The capability for Flash to use GPU hardware acceleration just became available with the Mac OS X 10.6.3 update for Apple's Snow Leopard operating system. A new technical note revealed a new framework that allows developers low-level access to H.264 decoding capabilities in Macs with compatible GPUs, including the GeForce 9400M, GeForce 320M and GeForce GT 330M.
Previously, hardware acceleration for Flash was only available through Windows PCs and X86-based notebooks. Gala marks the first time Mac users will be able to benefit from hardware decoding of Flash.
"The combination of NVIDIA GPUs (GeForce 9400M, GeForce 320M or GeForce GT 330M) with the Gala version of Flash Player enables supported Macs running the current version of OS X to deliver smooth, flicker-free HD video with substantially decreased power consumption," Adobe wrote on its website, where the software can be downloaded. "Users will be able to enjoy a much smoother viewing experience when accessing rich, H.264 video content built with the Flash Platform from popular sites like Hulu.com or YouTube."
The preview release of Gala is a sign of things to come, but does not yet provide consistent results. In a quick test, Engadget found that CPU use Apple's latest Core i7 MacBook Pros dropped a third to a half, but the Core i5 machine actually increased the CPU load by as much as 20 percent.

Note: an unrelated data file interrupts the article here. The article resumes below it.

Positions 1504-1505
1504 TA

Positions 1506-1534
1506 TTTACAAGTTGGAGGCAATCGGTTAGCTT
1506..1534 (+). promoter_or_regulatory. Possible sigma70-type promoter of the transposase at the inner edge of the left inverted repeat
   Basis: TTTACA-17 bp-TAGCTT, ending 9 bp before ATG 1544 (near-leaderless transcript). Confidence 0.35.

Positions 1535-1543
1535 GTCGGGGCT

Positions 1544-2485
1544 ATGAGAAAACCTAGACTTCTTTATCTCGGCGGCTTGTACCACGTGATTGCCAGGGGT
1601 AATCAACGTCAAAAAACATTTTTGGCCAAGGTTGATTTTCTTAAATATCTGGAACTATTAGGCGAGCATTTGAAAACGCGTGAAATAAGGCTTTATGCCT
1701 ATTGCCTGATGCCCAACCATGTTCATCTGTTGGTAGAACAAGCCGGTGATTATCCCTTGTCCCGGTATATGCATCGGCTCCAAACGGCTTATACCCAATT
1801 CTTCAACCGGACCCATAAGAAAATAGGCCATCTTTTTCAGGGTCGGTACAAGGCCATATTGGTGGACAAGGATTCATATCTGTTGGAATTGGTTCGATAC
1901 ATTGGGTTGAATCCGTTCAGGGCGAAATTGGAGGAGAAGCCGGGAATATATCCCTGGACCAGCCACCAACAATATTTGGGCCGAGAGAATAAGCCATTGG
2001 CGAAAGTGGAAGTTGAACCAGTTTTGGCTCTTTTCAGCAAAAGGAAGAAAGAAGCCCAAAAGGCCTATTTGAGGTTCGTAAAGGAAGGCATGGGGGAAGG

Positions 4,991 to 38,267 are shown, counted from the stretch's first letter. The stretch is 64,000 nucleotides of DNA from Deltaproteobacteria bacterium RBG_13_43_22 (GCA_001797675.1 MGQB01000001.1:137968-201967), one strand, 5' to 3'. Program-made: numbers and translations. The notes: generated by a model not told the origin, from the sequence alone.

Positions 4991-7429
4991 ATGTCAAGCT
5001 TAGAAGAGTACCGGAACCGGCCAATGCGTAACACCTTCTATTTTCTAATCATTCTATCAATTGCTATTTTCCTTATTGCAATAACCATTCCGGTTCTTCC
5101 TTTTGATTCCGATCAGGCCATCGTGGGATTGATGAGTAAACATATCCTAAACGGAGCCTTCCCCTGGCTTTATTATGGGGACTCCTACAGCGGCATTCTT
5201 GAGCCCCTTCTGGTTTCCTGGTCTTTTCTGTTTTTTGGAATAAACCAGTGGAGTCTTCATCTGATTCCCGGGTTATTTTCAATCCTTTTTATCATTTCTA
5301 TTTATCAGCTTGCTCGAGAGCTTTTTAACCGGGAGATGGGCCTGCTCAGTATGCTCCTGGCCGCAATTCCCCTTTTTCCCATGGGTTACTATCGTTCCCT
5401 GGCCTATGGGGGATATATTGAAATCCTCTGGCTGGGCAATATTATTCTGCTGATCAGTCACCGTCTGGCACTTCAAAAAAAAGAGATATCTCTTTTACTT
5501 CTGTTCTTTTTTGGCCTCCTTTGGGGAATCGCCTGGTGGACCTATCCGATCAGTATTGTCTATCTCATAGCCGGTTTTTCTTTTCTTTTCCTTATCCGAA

The Gala preview is intended for developers to test the new functionality and test compatibility. The feature is expected to find its way into the Flash Player after the release of version 10.1, expected to arrive in the first half of 2010. To test it, download the 7.4MB installer from Adobe.
The preview release notifies users when hardware decoding is in use by displaying a small white square in the upper left corner of a video. Adobe has sought input from developers on the preview release as it prepares a final product for the general public.
Gala is evidence of a rare positive between Apple and Adobe, two companies that have been engaged in a bitter rivalry of late. Most recently in their ongoing feud, Adobe abandoned development of Flash-to-iPhone porting software, after Apple's iPhone OS 4 developer agreement specifically prohibited the use of an intermediary tool, such as the one Adobe plans to release.
After Adobe employees criticized the iPhone for being a closed system, Apple fired back in a rare public comment, stating that Adobe "has it backwards," as Flash is "closed and proprietary." Apple has backed the open source standard HTML5 video streaming format while blocking the use of Flash on its portable devices, including the iPhone, iPod touch and iPad.
At a company meeting in January, the Apple co-founder Steve Jobs was rumored to have called Adobe "lazy," and said most Mac crashes are due to Flash. "The world is moving to HTML5," Jobs was quoted as saying.
Jobs also allegedly called Flash a "CPU hog" in a meeting with officials from The Wall Street Journal. The Apple co-founder was said to have called the Web format "full of security holes" and "old technology."
For more on why Apple is unlikely to ever allow Flash onto its iPhone OS-powered mobile devices, see AppleInsider's three-part Flash Wars series.